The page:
Although advocates worked with Springer to pass that law at the time, it created an unintended consequence. Parking spots that weren’t updated to follow the new rules were considered “out of compliance” with the state because they didn’t have the correct signage. So when officers tried to ticket able-bodied people when they parked in designated spots, the tickets would get dropped and no consequences would follow.
“Judges were dismissing these cases. Therefore, cops weren't writing any more tickets because they were just getting dismissed,” Springer said.
To fix this loophole, Springer worked this year to pass SB 904, a bill that would ensure people would still receive citations for parking in a disabled parking spot where signage had not been updated. That lack of sign compliance could no longer be used as a defense.
Another separate law in 2021 changed the eligibility of who could use these parking spaces.
Anyone with a disabled veteran’s license plate could park in these spots before 2022, but the law now requires a medical sign-off to either get a placard or wheelchair symbol in addition to their license plate.
Thirty percent of veterans in Texas are disabled, according to a report from Every Texan, a nonprofit that advocates for access.
How are violations of accessible parking laws enforced?
Texans who misuse disabled parking placards or park in spaces without appropriate signs can be fined up to $1,250 and given up to 50 hours of community service, according to the state. Law enforcement officers can also seize a placard they believe to be counterfeit.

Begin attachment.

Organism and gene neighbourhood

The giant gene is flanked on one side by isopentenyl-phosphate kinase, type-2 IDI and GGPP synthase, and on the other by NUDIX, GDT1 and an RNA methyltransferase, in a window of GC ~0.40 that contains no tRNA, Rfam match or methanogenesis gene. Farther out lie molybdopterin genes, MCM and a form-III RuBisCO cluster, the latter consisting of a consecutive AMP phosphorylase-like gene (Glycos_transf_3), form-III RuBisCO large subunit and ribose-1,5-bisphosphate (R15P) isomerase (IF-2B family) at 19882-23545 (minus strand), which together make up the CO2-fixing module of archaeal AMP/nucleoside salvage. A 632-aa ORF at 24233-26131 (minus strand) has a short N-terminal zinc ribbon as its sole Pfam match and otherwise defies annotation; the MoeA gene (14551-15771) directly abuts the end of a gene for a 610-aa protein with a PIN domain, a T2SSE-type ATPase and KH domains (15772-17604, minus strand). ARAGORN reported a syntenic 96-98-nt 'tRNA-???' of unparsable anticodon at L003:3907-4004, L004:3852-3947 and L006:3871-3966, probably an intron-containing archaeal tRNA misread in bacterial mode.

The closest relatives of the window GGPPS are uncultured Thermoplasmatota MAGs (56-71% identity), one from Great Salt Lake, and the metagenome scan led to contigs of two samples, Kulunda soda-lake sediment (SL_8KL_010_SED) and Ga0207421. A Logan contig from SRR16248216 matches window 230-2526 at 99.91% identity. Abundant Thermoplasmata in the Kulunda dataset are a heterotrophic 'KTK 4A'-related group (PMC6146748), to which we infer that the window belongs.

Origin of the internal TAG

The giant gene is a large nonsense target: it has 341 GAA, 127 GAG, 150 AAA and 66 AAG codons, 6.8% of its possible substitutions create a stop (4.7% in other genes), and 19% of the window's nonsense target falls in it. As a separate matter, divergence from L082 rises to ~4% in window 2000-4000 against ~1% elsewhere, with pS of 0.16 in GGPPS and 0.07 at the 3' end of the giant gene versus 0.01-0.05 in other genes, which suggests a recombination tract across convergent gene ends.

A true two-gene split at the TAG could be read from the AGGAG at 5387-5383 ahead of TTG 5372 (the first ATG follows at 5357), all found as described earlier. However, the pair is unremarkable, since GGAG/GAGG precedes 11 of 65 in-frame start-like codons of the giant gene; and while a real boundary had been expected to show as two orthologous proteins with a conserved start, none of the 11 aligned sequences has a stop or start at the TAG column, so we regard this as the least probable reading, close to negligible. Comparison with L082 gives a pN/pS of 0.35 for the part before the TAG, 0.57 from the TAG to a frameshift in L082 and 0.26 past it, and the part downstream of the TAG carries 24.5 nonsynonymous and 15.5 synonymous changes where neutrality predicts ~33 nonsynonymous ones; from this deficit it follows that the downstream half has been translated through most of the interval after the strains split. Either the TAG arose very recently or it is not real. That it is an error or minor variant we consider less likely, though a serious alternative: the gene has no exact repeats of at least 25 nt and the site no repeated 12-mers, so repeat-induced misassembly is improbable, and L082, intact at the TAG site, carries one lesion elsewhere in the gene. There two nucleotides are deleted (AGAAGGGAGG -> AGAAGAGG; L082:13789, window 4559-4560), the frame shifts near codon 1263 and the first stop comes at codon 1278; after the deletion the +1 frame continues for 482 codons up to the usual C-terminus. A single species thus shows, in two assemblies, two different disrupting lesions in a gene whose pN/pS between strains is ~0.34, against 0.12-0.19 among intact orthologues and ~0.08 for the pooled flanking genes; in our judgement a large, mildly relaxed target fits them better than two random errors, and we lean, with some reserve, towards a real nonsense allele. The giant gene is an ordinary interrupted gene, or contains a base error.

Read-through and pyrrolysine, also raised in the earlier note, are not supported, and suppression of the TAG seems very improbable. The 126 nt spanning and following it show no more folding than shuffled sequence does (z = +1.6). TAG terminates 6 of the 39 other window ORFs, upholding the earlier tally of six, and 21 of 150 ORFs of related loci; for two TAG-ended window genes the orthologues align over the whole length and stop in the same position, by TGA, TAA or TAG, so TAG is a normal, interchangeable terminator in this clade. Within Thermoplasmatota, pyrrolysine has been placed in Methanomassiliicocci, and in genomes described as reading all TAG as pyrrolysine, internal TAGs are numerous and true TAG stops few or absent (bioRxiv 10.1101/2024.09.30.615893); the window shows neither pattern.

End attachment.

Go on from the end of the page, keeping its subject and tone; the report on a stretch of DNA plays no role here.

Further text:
But law enforcement doesn’t necessarily catch them all, said Mack Marsh, the project director for Parking Mobility, an Austin-based nonprofit that works to combat accessible parking violations in multiple states. The Parking Mobility app allows people to report offenses they see. The information is then forwarded to the city, which tickets the vehicle.
In 2013, Marsh said he tracked offenses and quickly found they were “everywhere, all the time,” with few consequences. Conversations with law enforcement revealed that judges were dismissing cases because they felt high fines were “punitive,” Marsh said.
As an alternative, Marsh developed a class that educates people “why those spaces are important, teaches them the rules and encourages them not to repeat offend,” Marsh said.
Springer said it still might not be enough.
“Sometimes, people justify in their own mind: ‘I'm running in here for 30 seconds. I've been to this parking lot 200 times. I've never seen anybody in any of these 10 spots.’ So, they think it's OK,” Springer said. “But when you repeatedly keep doing that, I think the penalty should look at potentially rising.”
Where can I get more information?
The Governor’s Committee on People with Disabilities held a training session on accessible parking earlier this month and you can view it here.
Find the application for a placard or license plate symbol here.
More information from the state’s DMV website can be found here.
Neelam Bohra is a disability reporting fellow, covering accessibility issues affecting Texans. She was a member of the 2022-23 New York Times Fellowship class. Her fellowship is a partnership between The New York Times, The Texas Tribune and the National Center on Disability and Journalism at Arizona State University. The fellowship is funded through a grant from the Ford Foundation.
Disclosure: Coalition of Texans with Disabilities, Every Texan and New York Times have been financial supporters of The Texas Tribune, a nonprofit, nonpartisan news organization that is funded in part by donations from members, foundations and corporate sponsors. Financial supporters play no role in the Tribune's journalism. Find a complete list of them here.